Location: Green Lake
Where to find him: danshapiro.com
On paper, Dan Shapiro looks like many other guys who graduated from a high-ranking math and science university in the late ‘90s and got a job out of college at Microsoft. But five years later, his career got interesting, and he’s now raised over $30 million dollars total in venture capital to invest in startups.
“Eight years ago, I knew nothing about starting companies, I had zero experience writing a pitch deck and I knew exactly one angel investor and zero venture capitalists,” says Shapiro.
After five years of working at Microsoft, which he looks back fondly upon, Shapiro started to realize that there were two kinds of people out there in the professional world: “Those who are experts in something and who refine their skills to an art, and those with short attention spans who compulsively throw themselves into situations for which they’re under-qualified and ill-prepared,” says Shapiro. “I fall in to the second camp, for better or for worse.”
Through the help of a supportive community and what Shapiro describes as “many, many coffee meetings,” he started to navigate the startup world. “I can’t easily repay the time that was invested in me, but I can pay it forward,” he says.
But there are only so many hours in the day to do one-on-one mentoring at coffee shops, so Shapiro has found writing to be a great way to funnel his wisdom and share it with the startup community.
Other than perhaps the early years of danshapiro.com, which were primarily devoted to blogging about woodworking, Shapiro’s blog — “quite possibly the only entrepreneur blog” — is devoted to touching on many issues pertinent to startups. “I’m a miserably slow author, but bit by bit, the material comes out,” says Shapiro. “And while I’d rather spend the time with individual companies than cranking out a few pages of material, I know that I can help more people by writing than by scheduling a day full of coffee meetings.”
As to how he has managed to raise such an incredible chunk of venture capital money over the last eight years?
“I wish I knew what works because I’d do more of it. I suspect, though, it has a lot to do with forcing myself into extroversion,” says Shapiro.
Like most of us, he hates the forced interaction that comes with meeting new people. “But I’ll be damned if it doesn’t seem to work,” says Shapiro. “Seattle’s full of amazing people who are not afraid to roll up their sleeves and make things happen when the circumstances are right.”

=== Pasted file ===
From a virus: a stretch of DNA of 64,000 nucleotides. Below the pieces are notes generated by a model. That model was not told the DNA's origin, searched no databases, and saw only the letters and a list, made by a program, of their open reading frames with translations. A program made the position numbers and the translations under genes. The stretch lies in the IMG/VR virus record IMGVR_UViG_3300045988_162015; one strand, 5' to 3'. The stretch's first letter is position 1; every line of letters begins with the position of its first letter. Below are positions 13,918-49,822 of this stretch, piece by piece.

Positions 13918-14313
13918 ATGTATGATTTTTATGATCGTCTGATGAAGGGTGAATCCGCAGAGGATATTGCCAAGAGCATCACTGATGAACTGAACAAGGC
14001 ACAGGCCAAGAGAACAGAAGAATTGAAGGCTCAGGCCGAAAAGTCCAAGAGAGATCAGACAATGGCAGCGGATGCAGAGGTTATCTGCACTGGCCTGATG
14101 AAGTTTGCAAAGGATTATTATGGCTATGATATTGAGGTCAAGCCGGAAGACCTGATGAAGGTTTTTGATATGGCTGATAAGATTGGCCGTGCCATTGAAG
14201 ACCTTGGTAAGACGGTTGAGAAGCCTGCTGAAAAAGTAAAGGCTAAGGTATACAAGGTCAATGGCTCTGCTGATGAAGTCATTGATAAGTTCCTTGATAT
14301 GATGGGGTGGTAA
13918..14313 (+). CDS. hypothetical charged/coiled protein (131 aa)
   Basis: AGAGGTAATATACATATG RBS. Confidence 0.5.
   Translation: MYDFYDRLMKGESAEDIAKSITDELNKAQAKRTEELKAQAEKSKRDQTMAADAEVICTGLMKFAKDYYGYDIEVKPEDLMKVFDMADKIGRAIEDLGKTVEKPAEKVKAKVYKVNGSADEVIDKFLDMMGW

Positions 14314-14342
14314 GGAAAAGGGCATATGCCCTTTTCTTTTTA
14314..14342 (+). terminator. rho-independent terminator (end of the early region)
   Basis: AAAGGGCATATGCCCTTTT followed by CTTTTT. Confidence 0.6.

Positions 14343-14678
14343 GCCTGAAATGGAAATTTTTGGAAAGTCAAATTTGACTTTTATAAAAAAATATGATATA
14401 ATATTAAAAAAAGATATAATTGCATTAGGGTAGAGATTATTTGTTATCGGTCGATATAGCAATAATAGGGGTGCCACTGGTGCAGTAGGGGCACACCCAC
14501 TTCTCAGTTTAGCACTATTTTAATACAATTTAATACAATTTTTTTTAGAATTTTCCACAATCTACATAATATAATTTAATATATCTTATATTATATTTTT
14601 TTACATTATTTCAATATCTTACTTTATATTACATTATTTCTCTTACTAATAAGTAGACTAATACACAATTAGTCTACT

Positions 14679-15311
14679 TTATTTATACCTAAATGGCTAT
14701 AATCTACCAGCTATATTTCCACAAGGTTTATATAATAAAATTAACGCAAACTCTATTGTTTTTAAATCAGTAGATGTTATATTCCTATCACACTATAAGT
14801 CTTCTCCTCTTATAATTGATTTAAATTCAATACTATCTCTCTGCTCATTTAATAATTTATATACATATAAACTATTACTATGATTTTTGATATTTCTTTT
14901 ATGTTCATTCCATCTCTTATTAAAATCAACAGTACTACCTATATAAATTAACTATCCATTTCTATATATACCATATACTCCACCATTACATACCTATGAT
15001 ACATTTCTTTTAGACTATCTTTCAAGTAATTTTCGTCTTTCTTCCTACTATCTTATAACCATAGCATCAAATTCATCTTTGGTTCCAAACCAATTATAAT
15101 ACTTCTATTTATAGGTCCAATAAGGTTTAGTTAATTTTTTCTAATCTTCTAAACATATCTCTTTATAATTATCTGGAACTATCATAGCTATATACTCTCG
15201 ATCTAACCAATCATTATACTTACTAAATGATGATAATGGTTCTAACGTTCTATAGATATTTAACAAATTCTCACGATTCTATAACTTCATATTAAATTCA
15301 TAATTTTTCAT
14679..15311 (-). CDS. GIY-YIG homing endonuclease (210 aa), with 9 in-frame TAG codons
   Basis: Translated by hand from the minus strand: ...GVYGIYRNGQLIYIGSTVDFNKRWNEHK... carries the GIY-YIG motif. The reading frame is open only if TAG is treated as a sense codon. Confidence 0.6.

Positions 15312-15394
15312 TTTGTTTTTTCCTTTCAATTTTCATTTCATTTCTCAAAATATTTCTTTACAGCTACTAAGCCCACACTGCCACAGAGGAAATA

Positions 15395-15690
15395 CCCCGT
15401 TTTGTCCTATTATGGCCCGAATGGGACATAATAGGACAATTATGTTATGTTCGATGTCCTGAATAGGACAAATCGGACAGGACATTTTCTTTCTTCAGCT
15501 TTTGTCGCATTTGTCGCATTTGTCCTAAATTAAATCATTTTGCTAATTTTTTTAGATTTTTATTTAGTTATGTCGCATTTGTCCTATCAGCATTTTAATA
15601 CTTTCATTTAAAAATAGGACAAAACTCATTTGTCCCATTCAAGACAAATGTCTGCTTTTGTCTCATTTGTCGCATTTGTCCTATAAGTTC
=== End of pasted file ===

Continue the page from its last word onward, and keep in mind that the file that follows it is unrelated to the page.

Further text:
In fact, the sale of his last company, Sparkbuy, to Google came about from a conversation with his seatmate on an Alaska Air flight from San Jose to Seattle.
Currently, Shapiro’s most exciting project is the O’Reilly book he’s writing about startup CEOs.
“I’m incredibly excited about telling some of the amazing stories and sharing some of the knowledge I’ve learned over the years with a wider audience,” says Shapiro. “It’s slow going, but enormously gratifying.”
Beyond the countless hours mentoring, advising and writing, Shapiro loves being a dad and is more proud of his family than anything else. His four-year-old twins “are the very best kind of startups,” says Shapiro. “Watching them build Legos, tell each other stories, and sing songs to us is more rewarding than anything I could ever do at the office.”
Having spent most of his life in the Pacific Northwest between Portland and Seattle, Shapiro is glad to be raising his kids here with his wife, Leslie. “They love the preschool curriculum at JDS, which seems to get better every year, and we love the fantastic community of parents, as well as look forward every weekend to services at Seattle’s best-kept synagogue secret: Emanuel Congregation,” says Shapiro. “We feel incredibly blessed for the community we’ve found here in Seattle!”